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Okay, Now That Reality Has Hit - I Am Faaaaaaa-Reaking Out

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he had his endoscopy today. the photos he took clearly show diseased areas. The doctor is confident that he does in fact have celiac. Oh crud! we will know officially by Monday, but like I said he is confident we can go with this diagnosis.

I am so scared I can't do this. I am horrible at following through and now I have no excuse - I just have to. :blink:

can someone please be our cook? :) I will just switch us all over. Now, do I or don't I test his siblings? Ugh.

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C'mon over, I love to cook! :)

Spend a little time thinking about whether or not you want your whole house to be gluten free. If everyone will eat that way anyway, it might not be worth the time and trouble to test the sibs. Or do you want a baseline diagnosis for every one?

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The other part of the argument is to test everyone BEFORE you take them gluten free. Otherwise, if down the road you start to wonder, everyone will have to go back to a gluten diet for a couple of months (everyone except those that already have been diagnosed).

Take a little time to think about it.

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First step: Breathe! then Relax.

You can do this! The thing you have going for you is that you know you feel better without gluten. Knowing that your son is going be be spared years of pain and intestinal damage will be enough to keep you going through the learning curve.

I was diagnosed last July. My younger son was diagnosed in October at age 9. My older son (12) had negative celiac panel, but very low vitamin levels and he is the healthiest eater around. So I made the decision for our house to be gluten free. We know that Joey and I will not be poisoned in our own home.

Read here. You will find all kinds of help and support. I agree, if you are going to test everyone, keep them on gluten. If not, donate all your gluteny foods to a food pantry, and start your new gluten free life. You can do it, we are here for you!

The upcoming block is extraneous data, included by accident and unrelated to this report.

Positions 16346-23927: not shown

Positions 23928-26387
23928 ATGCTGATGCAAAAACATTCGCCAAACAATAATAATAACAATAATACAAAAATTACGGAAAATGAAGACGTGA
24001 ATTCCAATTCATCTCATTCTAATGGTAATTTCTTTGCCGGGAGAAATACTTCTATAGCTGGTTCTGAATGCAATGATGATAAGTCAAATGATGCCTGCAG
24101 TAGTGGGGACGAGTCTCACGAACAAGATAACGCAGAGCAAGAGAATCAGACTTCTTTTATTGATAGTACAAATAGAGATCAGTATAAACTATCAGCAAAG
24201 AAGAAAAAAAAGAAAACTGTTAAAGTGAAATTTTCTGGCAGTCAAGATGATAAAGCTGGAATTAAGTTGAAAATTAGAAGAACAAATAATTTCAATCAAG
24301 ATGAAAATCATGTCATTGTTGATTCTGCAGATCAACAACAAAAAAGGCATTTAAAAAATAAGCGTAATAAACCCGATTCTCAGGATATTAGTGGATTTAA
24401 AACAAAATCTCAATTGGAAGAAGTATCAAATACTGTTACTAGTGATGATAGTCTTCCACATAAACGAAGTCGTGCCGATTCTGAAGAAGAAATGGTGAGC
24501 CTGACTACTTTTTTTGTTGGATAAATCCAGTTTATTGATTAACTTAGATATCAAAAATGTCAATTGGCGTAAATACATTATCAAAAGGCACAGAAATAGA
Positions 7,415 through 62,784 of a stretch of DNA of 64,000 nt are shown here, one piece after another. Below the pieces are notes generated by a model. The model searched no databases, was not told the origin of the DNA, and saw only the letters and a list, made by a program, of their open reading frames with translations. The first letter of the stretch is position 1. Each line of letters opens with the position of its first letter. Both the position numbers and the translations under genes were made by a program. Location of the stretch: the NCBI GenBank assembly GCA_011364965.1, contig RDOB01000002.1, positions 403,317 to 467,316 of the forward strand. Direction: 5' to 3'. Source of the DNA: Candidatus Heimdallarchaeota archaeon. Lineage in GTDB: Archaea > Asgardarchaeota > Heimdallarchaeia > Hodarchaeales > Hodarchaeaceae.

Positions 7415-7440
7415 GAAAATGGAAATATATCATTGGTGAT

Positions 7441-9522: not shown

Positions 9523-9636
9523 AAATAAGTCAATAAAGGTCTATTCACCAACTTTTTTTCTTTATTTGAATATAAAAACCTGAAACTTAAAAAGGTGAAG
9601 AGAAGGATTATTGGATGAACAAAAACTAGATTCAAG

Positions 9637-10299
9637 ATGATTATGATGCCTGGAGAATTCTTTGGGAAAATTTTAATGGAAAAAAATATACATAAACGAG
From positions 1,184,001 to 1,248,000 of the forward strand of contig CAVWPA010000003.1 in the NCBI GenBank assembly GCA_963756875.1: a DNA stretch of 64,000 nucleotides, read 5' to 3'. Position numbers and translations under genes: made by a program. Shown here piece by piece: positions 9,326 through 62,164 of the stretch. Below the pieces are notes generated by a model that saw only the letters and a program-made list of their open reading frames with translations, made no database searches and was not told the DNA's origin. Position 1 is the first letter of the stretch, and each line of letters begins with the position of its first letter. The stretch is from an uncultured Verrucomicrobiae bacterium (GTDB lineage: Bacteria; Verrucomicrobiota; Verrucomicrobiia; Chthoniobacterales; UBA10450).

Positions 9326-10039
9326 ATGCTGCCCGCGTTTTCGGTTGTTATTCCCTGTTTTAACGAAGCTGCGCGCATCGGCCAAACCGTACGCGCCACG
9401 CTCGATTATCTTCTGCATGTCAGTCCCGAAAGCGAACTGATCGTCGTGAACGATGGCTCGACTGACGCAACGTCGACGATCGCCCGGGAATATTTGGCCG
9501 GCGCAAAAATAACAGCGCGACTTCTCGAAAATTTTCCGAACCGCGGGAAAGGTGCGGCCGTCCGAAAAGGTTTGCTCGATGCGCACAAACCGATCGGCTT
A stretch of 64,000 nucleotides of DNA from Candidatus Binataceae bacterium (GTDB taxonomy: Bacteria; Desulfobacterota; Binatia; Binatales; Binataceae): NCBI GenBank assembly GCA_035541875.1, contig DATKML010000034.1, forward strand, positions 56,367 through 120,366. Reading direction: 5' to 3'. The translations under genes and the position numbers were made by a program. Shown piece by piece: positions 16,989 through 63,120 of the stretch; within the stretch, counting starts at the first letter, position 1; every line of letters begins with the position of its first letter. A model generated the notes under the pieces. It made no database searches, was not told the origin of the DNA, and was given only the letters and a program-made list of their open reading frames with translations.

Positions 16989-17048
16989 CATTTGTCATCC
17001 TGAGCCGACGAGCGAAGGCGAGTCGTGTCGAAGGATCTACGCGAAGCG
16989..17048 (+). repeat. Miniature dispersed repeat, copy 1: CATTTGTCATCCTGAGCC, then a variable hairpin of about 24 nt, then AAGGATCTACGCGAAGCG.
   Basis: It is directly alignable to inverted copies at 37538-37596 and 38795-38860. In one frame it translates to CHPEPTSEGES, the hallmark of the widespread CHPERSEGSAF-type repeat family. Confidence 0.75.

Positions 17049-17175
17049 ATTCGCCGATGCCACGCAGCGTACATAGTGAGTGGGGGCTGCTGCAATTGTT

Janie

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The good news is now you know what the problem is and it is something that can be dealt with without nasty drugs. As far as testing the other children yes do. All your other first degree relatives should also be checked, Mom and Dad, sisters and brothers etc. Celiac is something that can be triggered at any time so even if the siblings are negative now they may be triggered later in life. Retesting is a good idea if they become symptomatic later. For now I would agree that having a gluten-free house is a good idea. By testing the others they could still have gluten away from home, at school and at friends for example, if testing is negative and they are not having symptoms.

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Everything will be OK. From a kids perspective, life is about all about snacks and there are so many gluten-free replacements as well as naturally gluten-free or maintsream gluten-free stuff that it's ridiculous! Don't try and replace everything and drive yourself nuts. Take it one day at a time, keep an open mind and try new things and present it to the family that way. That being said, many of the old favorites can be easily converted. We lived on rice and potatoes for a long time before adding pasta and much longer before trying bread. I think close to 3 years in and I am just now getting comfortable with gluten-free baking and still stick with only a very few basic things. Everyone's different, some just dive in to gluten-free baking and others like myself just take our time and switch the focus-lots of fruit based treats, gelatin desserts and so on. Kids are very flexible. Rather than make Xmas cookies, we made rainbow jello and kiddo LOVED it, the most enthusiastic I've seen him in a long time! There are lots of us here with gluten-free kiddos. Lots of resources and support for you. You can do it.

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How about testing yourself and DH? It might be good to know which side the genes are on. You could let the family know about the genes then and maybe help some of them.

Celiac can appear at any time really, so while it is good to get testing done now, it would still be good to put the kids on a gluten-free diet. They could develop it a week after testing after all. Or never. It just isn't predictable really. But if they do develop it someday they would at least understand the diet already. Maybe they should teach this gluten-free diet in schools.

You could check into Enterolabs testing. Enterolab can test for gliaden antibodies, but can't actually diagnose celiac. But antibodies aren't there for no reason. An official diagnosis may not be the any more help than that.

The diet is just an adjustment. You probably will want to start learning to cook at least basic foods like rice and veggies etc. Get rid of all the processed foods in the house and go whole foods all the way. You can do it just fine!

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